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Vegetable Garden

Warning: Beans Don’t Like Their Roots Disturbed!

June 12, 2013
Healthy French Beans

Healthy French Beans

Have you ever heard the expression

“beans don’t like their roots disturbed”?

Well it’s true, they really don’t.

The photos accompanying this post show some dwarf French beans that were sown directly into soil in our polytunnel. This week I moved a few plants that were crowding the sweetcorn I’d sown them with (part of the Three Sisters companion planting).

Disturbed French Bean

French Bean that’s been moved

Within an hour the beans were looking poorly and several days later they still haven’t recovered. Hopefully I won’t lose them completely but it will be interesting to see if and how much the move has set them back.

French Bean that's been transplanted

French Bean that’s been transplanted

It’s not just beans that get upset. All members of the legume family can sulk if moved. Continue Reading…

Vegetable Garden

Three Sisters Companion Planting

November 27, 2011
Beans, Corn and Squash - Known as Three Sisters Companion Planting

Beans, Corn and Squash – Known as Three Sisters Companion Planting

Three sisters is a type of companion planting in the vegetable garden that the north Americans have traditionally used for over 6,000 years, both symbolically and beneficially.

Passed down through generations, the stories are that corn, beans and squash are sacred gifts from the Great Spirit. The planting season is marked by ceremonies to honour the three sister spirits.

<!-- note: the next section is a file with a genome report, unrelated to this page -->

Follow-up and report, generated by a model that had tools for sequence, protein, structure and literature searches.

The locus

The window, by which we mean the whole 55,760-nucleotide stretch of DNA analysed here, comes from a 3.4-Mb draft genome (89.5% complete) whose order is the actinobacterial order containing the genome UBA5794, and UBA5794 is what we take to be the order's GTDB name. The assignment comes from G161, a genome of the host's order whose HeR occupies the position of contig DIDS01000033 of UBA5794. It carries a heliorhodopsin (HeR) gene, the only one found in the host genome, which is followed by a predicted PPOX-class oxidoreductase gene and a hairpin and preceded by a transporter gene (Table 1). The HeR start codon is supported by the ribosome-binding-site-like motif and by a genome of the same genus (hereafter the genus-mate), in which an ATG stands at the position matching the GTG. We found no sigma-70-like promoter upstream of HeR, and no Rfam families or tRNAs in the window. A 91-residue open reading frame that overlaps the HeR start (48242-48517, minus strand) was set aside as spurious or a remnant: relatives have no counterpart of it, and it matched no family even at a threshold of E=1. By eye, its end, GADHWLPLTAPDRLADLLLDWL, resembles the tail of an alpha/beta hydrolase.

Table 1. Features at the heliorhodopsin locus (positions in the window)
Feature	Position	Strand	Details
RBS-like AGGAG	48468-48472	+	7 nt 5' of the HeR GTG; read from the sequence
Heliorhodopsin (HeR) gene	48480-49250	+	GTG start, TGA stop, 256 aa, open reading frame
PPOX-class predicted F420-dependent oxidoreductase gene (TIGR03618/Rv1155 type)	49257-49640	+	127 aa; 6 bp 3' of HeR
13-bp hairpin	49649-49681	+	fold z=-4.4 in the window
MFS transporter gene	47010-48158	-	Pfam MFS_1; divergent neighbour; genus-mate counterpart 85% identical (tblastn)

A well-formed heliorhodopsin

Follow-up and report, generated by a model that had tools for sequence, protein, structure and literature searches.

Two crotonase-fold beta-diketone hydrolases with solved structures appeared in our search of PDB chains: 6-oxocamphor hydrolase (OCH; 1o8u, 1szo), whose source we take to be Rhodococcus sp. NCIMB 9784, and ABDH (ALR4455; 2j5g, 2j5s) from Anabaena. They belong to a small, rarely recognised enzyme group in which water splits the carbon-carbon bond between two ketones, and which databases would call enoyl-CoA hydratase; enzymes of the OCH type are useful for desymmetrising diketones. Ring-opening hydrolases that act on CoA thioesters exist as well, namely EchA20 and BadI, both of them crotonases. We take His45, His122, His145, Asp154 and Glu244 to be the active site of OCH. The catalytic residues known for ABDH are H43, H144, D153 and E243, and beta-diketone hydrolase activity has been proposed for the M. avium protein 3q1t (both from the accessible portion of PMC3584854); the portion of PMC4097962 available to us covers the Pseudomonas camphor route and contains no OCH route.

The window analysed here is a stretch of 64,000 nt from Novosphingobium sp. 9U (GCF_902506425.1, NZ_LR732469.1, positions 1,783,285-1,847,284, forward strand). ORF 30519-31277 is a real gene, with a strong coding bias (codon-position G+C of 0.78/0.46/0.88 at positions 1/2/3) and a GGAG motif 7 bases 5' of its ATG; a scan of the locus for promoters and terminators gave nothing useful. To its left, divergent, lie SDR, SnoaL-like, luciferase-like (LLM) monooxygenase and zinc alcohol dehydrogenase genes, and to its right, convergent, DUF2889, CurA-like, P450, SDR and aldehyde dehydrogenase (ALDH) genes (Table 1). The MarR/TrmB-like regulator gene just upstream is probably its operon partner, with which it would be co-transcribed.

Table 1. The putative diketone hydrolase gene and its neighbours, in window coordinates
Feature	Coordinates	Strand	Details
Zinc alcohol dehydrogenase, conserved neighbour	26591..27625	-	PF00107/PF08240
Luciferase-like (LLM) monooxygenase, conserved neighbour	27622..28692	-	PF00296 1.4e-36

Beans, Corn and Squash - Known as Three Sisters Companion PlantingAlthough we didn’t follow the traditional three sister planting to the letter in our own garden (I planted the seeds in blocks and not up and around each other), I can say without a doubt that we harvested bountiful crops of all three vegetables during 2010 when we experimented with this planting

Traditionally the beans are planted at the base of the corn stalks which are then used to support the growing bean stems.

The leaves from the squash shade the roots of the corn and beans and help to retain  moisture. The also suppress the weeds and their prickly stems discourage pests. Also the roots from the beans are nitrogen fixers which benefits both the corn and the squash.

This method is quite different from the commonly grown rows of vegetables used in crop rotation, as here the vegetable families have been juggled up, but it works. Their growth habits and nutritional requirements are quite different but complementary to each other.

I’d certainly recommend giving this method a try to look forward to using it again in my own garden.